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Risks And Joys Of Adopting Older Children

Joan Young By Joan Young on
Badge: Editor | Level: 34 | Dating, Relationships & Family Expertise:

As someone who has adopted three boys, two of whom were older than the baby/ toddler stage, I would like to share a couple of hints with you. We are not sorry that we did this, but we were young and very idealistic. There are some expectations we had which were not realistic.

First of all, it’s important to remember that love is not necessarily enough to fix every problem and overcome every obstacle. It is going to take a lot of really hard work.

Families who take in children with physical handicaps often get a lot of publicity and the children are happy and grateful. It may sometimes really work this way. However, the vast majority of older children who are adoptable have serious emotional problems, and often, behavioral issues as well.

Children are not like clay, able to be molded any way you want them to be. Any child over the age of five is going to have already made quite a few decisions about life, even though he or she can’t verbalize those personal philosophies. If there are multiple issues or behaviors that are not acceptable to you, you will probably need to choose the two or three that are the most important, and let many of the others go. Otherwise, you will find yourself constantly disciplining and correcting. You need to allow space and time for interacting positively. You can not change everything.

Older children will have less ability to bond with you than babies or toddlers. They have been hurt over and over, and no matter how much you love them, no matter how much they want to be loved, they will be wary. Some will never be able to trust people enough to form close relationships throughout their lives. This is not your fault. You may be able to bring them to the point where they trust you, and you may need to settle for this as the best expression of love they are capable of.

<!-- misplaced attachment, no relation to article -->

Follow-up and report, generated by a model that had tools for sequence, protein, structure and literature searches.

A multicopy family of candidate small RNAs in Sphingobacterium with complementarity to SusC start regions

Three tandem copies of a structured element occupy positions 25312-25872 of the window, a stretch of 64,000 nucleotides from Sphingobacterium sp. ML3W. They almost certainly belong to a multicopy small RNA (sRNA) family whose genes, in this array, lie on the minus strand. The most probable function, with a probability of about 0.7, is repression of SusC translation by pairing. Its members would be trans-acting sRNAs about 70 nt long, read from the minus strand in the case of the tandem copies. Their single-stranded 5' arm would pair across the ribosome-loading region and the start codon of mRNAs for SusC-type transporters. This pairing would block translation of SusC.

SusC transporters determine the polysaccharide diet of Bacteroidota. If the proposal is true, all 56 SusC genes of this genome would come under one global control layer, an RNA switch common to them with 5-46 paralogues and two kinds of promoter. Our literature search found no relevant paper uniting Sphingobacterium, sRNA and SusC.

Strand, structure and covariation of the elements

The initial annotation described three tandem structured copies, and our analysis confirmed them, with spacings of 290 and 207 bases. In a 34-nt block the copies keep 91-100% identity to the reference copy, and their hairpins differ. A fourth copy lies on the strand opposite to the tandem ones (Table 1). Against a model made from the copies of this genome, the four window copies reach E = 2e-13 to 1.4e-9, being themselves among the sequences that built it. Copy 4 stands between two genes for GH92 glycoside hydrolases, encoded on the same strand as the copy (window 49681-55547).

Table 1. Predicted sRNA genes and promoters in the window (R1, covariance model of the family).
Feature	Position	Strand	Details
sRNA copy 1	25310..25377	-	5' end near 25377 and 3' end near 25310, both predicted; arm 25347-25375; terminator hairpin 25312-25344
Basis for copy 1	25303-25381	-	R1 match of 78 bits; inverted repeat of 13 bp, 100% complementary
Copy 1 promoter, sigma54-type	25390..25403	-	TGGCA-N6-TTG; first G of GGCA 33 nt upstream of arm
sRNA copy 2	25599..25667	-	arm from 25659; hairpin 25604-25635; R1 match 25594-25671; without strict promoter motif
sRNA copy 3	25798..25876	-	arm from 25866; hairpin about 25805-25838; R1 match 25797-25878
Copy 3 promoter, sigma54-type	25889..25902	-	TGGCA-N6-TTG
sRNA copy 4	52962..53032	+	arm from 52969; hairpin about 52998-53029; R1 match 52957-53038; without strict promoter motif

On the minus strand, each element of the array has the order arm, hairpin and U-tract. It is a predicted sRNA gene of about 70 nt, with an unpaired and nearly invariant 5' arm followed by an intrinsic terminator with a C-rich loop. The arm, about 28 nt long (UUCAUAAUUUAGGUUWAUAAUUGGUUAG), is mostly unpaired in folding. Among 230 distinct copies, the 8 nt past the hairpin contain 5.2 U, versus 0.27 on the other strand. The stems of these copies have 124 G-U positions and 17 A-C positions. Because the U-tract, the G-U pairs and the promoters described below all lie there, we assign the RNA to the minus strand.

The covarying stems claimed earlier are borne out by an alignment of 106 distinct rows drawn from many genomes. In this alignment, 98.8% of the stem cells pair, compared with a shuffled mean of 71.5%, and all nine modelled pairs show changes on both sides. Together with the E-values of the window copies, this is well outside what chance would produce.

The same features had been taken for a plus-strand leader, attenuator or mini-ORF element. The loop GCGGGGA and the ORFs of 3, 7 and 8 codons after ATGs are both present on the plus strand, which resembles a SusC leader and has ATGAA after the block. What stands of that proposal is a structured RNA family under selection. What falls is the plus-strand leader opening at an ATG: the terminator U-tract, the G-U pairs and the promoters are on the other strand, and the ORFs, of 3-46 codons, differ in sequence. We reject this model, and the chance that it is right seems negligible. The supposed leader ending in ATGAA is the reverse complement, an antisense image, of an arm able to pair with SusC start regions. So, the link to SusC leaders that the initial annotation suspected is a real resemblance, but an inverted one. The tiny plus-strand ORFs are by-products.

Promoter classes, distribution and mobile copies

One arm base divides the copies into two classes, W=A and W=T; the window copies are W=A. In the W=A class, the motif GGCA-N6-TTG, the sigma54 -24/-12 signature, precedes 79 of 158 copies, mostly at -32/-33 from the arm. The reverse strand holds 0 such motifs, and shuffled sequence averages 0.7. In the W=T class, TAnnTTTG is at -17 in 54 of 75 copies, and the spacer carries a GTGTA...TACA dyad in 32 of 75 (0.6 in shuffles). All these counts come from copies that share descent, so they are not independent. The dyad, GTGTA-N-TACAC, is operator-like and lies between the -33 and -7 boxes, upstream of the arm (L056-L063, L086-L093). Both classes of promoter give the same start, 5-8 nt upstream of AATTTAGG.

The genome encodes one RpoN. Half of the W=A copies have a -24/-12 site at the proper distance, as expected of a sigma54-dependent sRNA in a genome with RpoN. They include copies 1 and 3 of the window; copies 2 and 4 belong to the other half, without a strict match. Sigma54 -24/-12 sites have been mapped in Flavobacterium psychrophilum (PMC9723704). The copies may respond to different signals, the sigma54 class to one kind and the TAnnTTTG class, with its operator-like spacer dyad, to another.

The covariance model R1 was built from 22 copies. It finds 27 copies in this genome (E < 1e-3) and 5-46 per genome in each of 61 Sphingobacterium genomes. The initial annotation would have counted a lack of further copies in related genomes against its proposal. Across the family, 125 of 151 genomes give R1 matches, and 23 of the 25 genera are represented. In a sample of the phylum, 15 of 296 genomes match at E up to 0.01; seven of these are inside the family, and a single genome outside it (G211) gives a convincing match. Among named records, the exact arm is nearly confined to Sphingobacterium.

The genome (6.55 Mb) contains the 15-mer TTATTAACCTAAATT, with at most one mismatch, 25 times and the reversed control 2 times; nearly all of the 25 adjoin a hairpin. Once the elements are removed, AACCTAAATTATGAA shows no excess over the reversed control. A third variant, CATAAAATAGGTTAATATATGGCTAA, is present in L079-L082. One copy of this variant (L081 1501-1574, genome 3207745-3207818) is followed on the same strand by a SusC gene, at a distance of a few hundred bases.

Remember that you are taking on a lifetime commitment whether the child grows into a productive, responsible adult or not. Are you prepared for this? It may mean providing physical or emotional support long after most kids are grown. It may mean living with some serious consequences of stupid or illegal actions on the part of these children. (Of course we get no guarantees with biological kids either, but many older children who have spent big portions of their lives without families are prone to making bad decisions.)

All adopted children, older or not, will have to deal with feelings of rejection by their birth parents at some point. ALL. Some will have a harder time with this than others, but it must be dealt with. You will need to understand this, and be accepting of their need to work through this. The teenage years can be particularly difficult. They may blame all their problems on you with fantasies of, “If only my real mom/ dad hadn’t left, everything would be all right.”

Unadopted children may have undesirable relatives in the wings who were unable to provide suitable homes for them, but who will remain as part of their lives whether you like it or not. You need to find ways to deal with this– personally, as a family, and perhaps even legally.

All of these things said, it can be very rewarding to see an unhappy child learn to smile. You may be able to guide a young man or woman to becoming a productive member of society and to reach goals that no one thought possible for them. It’s remotely possible that the child would adapt easily to your family and most of these difficulties will never come your way. But don’t count on it.

I would never tell someone who wants to adopt an older child that they should not do so. But you should go ahead with your eyes open as to some of the difficulties you may face.